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Table 1 Summary of studies analysing the impacts on surgeon's personal life

From: Restricted duty hours for surgeons and impact on residents quality of life, education, and patient care: a literature review

Personal Life
Improved No Change Worsen
Source Outcome Source Outcome Source Outcome
Basu et al, 2004[14]
A 68-item survey of plastic surgery residents (n = 12)
Resident quality of life and morale had improved Gelfand et al, 2004[21]
Pre-post survey of residents (n = 37) and faculty members (n = 27)
No changes in emotional exhaustion, depersonalisation, and personal accomplishment, no significant changes in residents burnout _ _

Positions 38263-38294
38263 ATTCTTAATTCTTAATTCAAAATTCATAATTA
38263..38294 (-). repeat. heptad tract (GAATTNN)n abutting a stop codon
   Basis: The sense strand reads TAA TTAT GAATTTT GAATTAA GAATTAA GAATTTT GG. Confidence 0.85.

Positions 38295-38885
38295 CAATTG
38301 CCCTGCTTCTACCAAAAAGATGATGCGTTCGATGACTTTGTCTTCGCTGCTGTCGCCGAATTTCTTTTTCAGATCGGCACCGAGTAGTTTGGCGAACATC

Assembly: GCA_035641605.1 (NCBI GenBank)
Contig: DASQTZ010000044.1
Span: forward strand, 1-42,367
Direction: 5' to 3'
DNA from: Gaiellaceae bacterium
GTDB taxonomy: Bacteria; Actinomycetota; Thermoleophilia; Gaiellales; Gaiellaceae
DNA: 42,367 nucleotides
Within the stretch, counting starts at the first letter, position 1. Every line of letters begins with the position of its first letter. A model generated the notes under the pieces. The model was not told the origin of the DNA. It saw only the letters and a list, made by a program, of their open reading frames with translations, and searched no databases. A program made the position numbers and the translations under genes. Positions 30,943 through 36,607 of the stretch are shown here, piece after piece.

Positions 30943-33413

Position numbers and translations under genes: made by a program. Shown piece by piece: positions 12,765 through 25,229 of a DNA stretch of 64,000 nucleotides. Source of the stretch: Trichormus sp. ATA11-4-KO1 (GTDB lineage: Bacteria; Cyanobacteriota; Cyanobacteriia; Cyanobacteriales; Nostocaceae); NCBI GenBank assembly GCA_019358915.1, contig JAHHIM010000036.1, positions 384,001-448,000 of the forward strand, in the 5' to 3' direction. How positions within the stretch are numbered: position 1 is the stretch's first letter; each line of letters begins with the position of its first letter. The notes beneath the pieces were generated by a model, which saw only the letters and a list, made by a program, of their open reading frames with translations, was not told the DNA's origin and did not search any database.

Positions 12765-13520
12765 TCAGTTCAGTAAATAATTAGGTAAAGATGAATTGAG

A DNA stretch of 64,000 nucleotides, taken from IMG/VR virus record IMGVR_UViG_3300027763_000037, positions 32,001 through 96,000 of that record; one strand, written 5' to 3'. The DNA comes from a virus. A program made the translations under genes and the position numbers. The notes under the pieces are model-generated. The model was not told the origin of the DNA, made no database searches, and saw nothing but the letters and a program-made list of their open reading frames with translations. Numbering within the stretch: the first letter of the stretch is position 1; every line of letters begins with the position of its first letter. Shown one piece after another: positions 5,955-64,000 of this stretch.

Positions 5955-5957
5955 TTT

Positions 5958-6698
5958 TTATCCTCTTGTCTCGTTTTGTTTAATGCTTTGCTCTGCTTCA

Chung et al, 2004[15]
Pre-post survey of surgical residents.
Improvements in fatigue-related issues, more work satisfaction, improvement of lifestyle _ _ _ _
Kort et al, 2004[16]
Survey of general surgery residents (n = 164)
Increased personal time and decreased fatigue at work, more time for family, senior residents were less enthusiastic than junior residents _ _ _ _
Stamp et al, 2005[17]
Pre-post survey of surgical residents (n = 28)
More time for rest, time with family, and socializing _ _ _ _
Hutter et al, 2006[18]
Survey of surgical residents (n = 58) and surgical attending physicians (N = 58), web based MBI survey(Burnout)
Decreased burnout scores, less emotional exhaustion, improved quality of life, increased motivation to work _ _ _ _
Immerman et al, 2007[19]
Survey of opinions and attitudes of orthopaedic residents (n = 976) and program directors (n = 85)
There was an overall agreement that the quality of life had improved _ _ _ _
Schneider et al, 2007[20]
Pre-post evaluation of operative case logs, standardized scores, residents perception survey
Substantial improvements of residents satisfaction and quality of life _ _ _ _